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Guest Post: Investigating the Stereotypes about Women’s Colleges

Hearsay and rumors can preclude students from considering women’s colleges.  In order to gain more understanding, Olivia and Stephanie, the authors of the following post, share their experiences as students at women’s colleges in different parts of the United States.  Olivia currently attends Mt. Holyoke College in South Hadley, MA and Stephanie recently graduated from Mills College in Oakland, CA.  (The stereotypes are bolded, with each person’s response listed separately.)  

Stereotype 1:

Olivia writes:

1. “It must be full of lesbians.”

I have heard countless permutations on this myth: “So, is everyone a lesbian?” “Y’all must have crazy parties.” “Is anyone straight?” etc. etc.

Mount Holyoke is full of people who understand that difference is beautiful. The community is open-minded and full of some of the most compassionate people I know. It’s a place that invites people to be honest with themselves and with others. As with many marginalized people, non-heterosexual and trans* people often feel safer being open about their identities in safe environments. Because Mount Holyoke is generally a safe(r space than many other spaces), there is a highly visible and vocal queer community.  Does this mean that everyone is a lesbian? No. Does Mount Holyoke’s student body have higher percentages of queer-identified students than other colleges? Well, the college doesn’t keep statistics on students’ gender and sexual identities, so I can’t answer that. Does Mount Holyoke have higher percentages of “out” queer students than colleges that aren’t safe spaces for these students? Probably.

Stephanie writes:

1) “You will become a lesbian” – This is probably the most common phrase that I have heard from high school students; mainly guys. Your sexual orientation isn’t something that changes because you are around more women or men. It is true that Mills is very liberal and open about rights for all including the gay/lesbian/bi/trans community and it is important to be open-minded about meeting new people and learning about the struggle for equality for all.

Stereotype 2: 

Olivia writes:

2.  “Going to school with all girls must be awful.  I hate girls, they’re so catty etc etc.”

Mount Holyoke is full of incredibly diverse and interesting people who come together to live and learn in an environment that fosters collaboration.  Of course, some of those people annoy me (because no matter where you are, there will always be people whose personality/values/ways of handling conflict etc. clash with your own), but there are so many more people who inspire me to learn, grow, and expand my horizons.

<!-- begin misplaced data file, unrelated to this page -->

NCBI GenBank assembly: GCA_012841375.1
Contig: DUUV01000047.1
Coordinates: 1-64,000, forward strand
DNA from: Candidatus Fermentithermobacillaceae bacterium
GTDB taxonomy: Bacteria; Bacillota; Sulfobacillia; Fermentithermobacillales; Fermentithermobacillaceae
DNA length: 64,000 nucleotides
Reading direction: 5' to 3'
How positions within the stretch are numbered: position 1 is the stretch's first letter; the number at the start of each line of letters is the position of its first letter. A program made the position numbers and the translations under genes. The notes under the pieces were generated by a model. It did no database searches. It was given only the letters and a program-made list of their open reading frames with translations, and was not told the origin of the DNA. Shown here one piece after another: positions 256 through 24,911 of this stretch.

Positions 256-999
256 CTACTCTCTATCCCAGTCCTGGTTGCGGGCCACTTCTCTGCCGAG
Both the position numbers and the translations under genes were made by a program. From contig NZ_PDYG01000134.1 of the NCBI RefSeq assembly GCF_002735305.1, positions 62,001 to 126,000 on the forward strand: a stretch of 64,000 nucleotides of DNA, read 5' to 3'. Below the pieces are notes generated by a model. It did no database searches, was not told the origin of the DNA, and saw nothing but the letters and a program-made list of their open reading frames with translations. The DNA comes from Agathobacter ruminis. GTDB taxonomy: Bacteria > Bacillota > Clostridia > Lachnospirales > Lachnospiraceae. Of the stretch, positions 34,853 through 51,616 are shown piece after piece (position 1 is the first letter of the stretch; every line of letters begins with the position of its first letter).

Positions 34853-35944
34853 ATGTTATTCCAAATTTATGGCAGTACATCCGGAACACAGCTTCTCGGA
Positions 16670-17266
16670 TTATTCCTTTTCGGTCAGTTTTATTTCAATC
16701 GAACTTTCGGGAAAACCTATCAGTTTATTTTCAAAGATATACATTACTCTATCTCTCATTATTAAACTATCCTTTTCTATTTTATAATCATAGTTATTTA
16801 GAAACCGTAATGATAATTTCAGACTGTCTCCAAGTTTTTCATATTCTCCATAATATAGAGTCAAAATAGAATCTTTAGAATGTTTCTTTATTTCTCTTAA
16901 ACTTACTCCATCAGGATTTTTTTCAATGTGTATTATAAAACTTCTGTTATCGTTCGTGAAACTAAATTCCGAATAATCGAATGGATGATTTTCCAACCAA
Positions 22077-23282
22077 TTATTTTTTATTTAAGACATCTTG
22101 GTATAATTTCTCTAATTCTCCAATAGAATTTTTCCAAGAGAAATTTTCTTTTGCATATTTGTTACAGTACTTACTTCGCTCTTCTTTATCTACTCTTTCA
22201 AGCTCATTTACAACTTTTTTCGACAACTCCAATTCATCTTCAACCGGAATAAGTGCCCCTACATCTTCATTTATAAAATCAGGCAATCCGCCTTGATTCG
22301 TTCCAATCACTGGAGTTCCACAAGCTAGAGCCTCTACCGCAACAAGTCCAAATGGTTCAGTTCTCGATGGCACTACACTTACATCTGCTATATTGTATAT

Stephanie writes:

2) “There are no guys on-campus” – While Mills undergraduate is women-only, the graduate and post-bac prorams are co-ed, and there is co-ed staff and faculty. You honestly don’t notice a difference in terms of “lacking men.” In fact, I have actually noticed a positivity in the difference. I have taken classes with male post-bac students and have found them to be very immature, (despite them being much older) making sexist jokes and remarks. It really opens your eyes to see how smoothly an all-women’s class will run compared to a co-ed one.

Stereotype 3:

Olivia writes:

3.  “Men add something unique and valuable to the classroom experience, and you lose that perspective at women’s colleges.”

This myth assumes that men have some kind of innate intelligence or insight that women lack.  It assumes that men add something valuable to a classroom that other people do not add.  In my experience, the only perspective that men add to discussions (especially discussions about feminism) is oppressive and often denies my lived experiences.

I’m not saying that I haven’t had interesting, educational, and productive discussions with men.  I have.  But these conversations were not productive because these people were men.  These conversations were productive because they were with fascinating people who had lots of interesting ideas about the world.  Being men did not offer them any kind of insight into The Ultimate Truth.

Stephanie writes:

3) “Attending a women’s college will not prepare you for the real world with men” – The opposite occurs in this case. You will learn about topics in social justice related to race/gender/ethnicity/sex/culture/able-ism/orientation/etc. While your learning environment is not primarily co-ed, you will really discover a whole new world when you learn to see the discrepancies in treatment of people. With knowledge, comes sight and even action. Off-campus, it becomes painfully obvious to see the behavior of others in ways you never would’ve noticed before. If anything, attending a women’s college makes you a more intelligent and aware person.